Designing for in-car partial attention

The in-car environment is a challenging place for mobile user experience. User attention is divided between the road, driving controls, the dashboard and console. Any attention paid to a mobile device is guaranteed to be partial and in many countries is now restricted by legal requirements, particularly around handsfree usage.

Waze, a navigation application which relies on user input to build an accurate picture of road conditions, is using gestural activation and voice recognition to overcome this challenge. The application utilises the mobile device’s proximity sensor to detect a hand being waved in front of the screen and then activates voice input.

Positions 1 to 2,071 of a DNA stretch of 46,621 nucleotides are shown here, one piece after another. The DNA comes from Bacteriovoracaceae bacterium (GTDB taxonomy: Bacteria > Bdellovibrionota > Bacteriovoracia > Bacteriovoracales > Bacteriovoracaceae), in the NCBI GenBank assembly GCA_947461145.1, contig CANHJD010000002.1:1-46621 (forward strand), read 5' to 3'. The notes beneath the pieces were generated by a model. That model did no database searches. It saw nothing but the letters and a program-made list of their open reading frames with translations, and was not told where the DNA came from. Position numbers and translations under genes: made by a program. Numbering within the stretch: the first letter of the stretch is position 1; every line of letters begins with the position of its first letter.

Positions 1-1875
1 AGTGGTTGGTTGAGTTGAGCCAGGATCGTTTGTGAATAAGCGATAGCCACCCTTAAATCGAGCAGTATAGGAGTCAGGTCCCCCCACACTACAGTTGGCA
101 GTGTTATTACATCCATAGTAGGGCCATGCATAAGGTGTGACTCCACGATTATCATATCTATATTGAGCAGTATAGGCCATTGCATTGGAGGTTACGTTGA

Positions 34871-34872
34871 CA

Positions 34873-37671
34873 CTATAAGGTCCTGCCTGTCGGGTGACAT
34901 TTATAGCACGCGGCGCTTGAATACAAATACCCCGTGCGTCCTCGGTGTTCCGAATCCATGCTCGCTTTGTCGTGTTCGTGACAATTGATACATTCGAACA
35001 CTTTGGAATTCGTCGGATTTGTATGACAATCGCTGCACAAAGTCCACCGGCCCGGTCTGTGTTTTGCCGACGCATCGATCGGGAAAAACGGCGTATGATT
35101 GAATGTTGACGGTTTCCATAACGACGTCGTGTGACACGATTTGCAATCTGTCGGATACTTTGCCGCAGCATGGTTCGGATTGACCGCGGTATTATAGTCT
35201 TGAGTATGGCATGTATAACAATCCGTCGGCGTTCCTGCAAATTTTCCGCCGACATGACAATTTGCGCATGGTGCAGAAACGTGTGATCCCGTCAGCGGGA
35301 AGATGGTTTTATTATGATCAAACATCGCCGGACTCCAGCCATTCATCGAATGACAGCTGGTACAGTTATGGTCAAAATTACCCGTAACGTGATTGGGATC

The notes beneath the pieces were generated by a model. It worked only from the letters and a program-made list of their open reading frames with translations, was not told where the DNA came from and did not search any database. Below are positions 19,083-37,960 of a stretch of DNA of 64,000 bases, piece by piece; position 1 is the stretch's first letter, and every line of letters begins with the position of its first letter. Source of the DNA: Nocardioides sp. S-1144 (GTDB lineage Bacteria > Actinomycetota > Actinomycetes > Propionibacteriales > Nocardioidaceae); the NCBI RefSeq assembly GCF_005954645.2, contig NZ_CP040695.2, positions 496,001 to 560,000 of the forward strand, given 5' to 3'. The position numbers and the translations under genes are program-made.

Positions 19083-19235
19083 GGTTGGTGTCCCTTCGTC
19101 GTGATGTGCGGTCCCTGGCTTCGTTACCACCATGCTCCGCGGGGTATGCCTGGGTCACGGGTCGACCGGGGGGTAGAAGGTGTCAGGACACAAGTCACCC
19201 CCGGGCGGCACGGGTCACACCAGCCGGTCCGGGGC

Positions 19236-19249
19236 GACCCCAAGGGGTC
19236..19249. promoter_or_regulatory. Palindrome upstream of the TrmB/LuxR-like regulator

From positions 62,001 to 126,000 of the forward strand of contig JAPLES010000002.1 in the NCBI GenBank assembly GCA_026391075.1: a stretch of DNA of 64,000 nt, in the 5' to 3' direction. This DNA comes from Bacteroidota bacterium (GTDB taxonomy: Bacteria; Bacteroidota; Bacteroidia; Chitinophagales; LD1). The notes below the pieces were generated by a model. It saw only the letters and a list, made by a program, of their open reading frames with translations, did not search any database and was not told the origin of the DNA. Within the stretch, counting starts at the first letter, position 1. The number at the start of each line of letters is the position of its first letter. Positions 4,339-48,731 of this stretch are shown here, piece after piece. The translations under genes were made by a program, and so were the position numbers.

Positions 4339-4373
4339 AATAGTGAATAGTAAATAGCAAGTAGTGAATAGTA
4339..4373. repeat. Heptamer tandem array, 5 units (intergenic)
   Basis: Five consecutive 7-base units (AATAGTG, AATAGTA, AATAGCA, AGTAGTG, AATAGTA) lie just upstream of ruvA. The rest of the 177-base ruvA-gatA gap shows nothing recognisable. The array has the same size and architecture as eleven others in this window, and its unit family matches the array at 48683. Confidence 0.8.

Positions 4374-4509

It is a simple workaround which uses existing technology to improve the user experience in a multi-touchpoint environment. One of the findings of MEX Pathway #2, our ongoing exploration of multi-touchpoint design, is that far from being restrictive, partial attention environments provide an opportunity for practitioners to create experiences greater than the sum of their parts. To achieve this, designers must think creatively about all of the input and output capabilities available within their users’ digital spheres, working to combine them in a way which supports the particular context of individual customers.

Here’s a video demonstration of Waze’s approach:

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